Endometriosis is a painful disorder in which tissue that normally lines the inside of the uterus (endometrium) grows outside of the uterus. It most commonly involves the ovaries, fallopian tubes, and the tissue lining the pelvis. Rarely it will spread beyond pelvic organs. This tissue will act as it normally would while in the uterus, it will thicken, break down, and bleed with each menstrual cycle, but this displaced tissue has no exit and will become trapped. When the ovaries are involved cysts may form. Eventually the surrounding tissue will become irritated, developing scar tissue and adhesions. Fertility problems may develop if left untreated.
Causes included retrograde menstruation, transformation of peritoneal cells, embryonic cell transformation, surgical scarring especially from a C-section or hysterectomy, or immune system disorders.
Symptoms involve painful periods (dysmenorrhea), excessive bleeding, infertility, pain with intercourse, and pain bowel movements or urination. The severity of pain is not necessarily a reliable indicator of the extent of the condition.
Endometriosis is sometimes mistaken for other conditions that cause pelvic pain such as pelvic inflammatory disease or ovarian cysts. It may also be confused with irritable bowel syndrome, which can be comorbid with endometriosis, complicating the diagnosis.
Endometriosis. Mayo Clinic. https://www.mayoclinic.org/diseases-conditions/endometriosis/symptoms-causes/syc-20354656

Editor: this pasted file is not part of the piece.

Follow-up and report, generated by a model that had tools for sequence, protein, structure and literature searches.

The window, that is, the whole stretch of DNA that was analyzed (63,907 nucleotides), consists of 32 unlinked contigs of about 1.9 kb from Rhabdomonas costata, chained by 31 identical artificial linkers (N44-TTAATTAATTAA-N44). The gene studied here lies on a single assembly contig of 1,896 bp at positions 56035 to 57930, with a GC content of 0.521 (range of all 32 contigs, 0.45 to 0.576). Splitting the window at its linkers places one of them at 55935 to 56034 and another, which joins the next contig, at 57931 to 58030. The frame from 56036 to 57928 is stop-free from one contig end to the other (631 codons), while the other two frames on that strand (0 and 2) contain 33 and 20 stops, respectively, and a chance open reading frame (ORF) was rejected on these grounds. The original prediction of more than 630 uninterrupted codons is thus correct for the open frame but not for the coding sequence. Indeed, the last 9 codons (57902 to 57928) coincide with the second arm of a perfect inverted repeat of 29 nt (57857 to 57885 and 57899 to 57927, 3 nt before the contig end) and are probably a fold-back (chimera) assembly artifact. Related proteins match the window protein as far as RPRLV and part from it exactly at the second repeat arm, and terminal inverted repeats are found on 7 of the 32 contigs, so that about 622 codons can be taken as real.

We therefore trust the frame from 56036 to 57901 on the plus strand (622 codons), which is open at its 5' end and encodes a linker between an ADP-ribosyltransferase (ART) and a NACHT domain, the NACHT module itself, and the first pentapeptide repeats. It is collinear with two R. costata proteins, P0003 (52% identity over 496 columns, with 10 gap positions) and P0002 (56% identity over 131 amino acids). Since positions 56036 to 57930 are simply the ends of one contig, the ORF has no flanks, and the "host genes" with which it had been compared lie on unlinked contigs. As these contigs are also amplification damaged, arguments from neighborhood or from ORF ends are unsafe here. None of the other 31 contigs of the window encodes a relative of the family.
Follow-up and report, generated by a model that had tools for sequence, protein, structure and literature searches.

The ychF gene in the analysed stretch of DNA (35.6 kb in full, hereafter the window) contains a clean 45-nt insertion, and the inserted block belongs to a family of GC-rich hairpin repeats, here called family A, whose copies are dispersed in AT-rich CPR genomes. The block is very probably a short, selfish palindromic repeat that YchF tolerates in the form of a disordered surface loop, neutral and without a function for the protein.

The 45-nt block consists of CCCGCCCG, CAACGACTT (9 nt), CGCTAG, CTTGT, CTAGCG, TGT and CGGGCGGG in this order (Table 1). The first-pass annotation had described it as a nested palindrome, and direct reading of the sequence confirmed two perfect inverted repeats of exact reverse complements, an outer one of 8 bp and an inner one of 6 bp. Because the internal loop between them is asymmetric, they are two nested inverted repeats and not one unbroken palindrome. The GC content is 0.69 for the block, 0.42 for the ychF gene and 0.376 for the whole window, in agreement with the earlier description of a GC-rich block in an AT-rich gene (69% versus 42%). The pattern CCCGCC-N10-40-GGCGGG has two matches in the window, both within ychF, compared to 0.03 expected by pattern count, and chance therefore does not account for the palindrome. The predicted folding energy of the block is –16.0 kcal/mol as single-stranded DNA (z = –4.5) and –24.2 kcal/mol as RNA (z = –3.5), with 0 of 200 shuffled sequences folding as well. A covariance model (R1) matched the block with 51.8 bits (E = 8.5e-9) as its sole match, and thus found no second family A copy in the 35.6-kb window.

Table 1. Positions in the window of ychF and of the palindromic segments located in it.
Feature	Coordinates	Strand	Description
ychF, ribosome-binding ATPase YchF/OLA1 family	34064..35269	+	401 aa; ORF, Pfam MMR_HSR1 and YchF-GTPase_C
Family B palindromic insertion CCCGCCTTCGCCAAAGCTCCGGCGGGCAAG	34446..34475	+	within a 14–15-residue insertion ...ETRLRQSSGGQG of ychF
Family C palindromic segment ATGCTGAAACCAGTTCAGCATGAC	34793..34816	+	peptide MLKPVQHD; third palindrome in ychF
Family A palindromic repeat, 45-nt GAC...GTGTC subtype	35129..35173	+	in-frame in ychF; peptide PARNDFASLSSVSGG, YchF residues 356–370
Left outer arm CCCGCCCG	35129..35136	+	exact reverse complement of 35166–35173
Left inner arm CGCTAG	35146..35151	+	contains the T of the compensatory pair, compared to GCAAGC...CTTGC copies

Uterine fibroids are noncancerous growths of the uterus that often appear during childbearing years. They may be caused by genetic changes in normal uterine muscle cell and an increase in estrogen and/or progesterone production among other growth factors.
Symptoms include heavy menstrual bleeding, menstrual periods lasting more than a week, pelvic pressure of pain, frequent urination, difficulty emptying the bladder, constipation, backache or leg pains.
Although uterine fibroids are not usually dangerous, they can cause discomfort and may lead to complications such as anemia from heavy blood loss. They are not associated with an increased risk of uterine cancer and almost never develop into cancer.
Uterine Fibroids. Mayo Clinic. https://www.mayoclinic.org/diseases-conditions/uterine-fibroids/symptoms-causes/syc-20354288.
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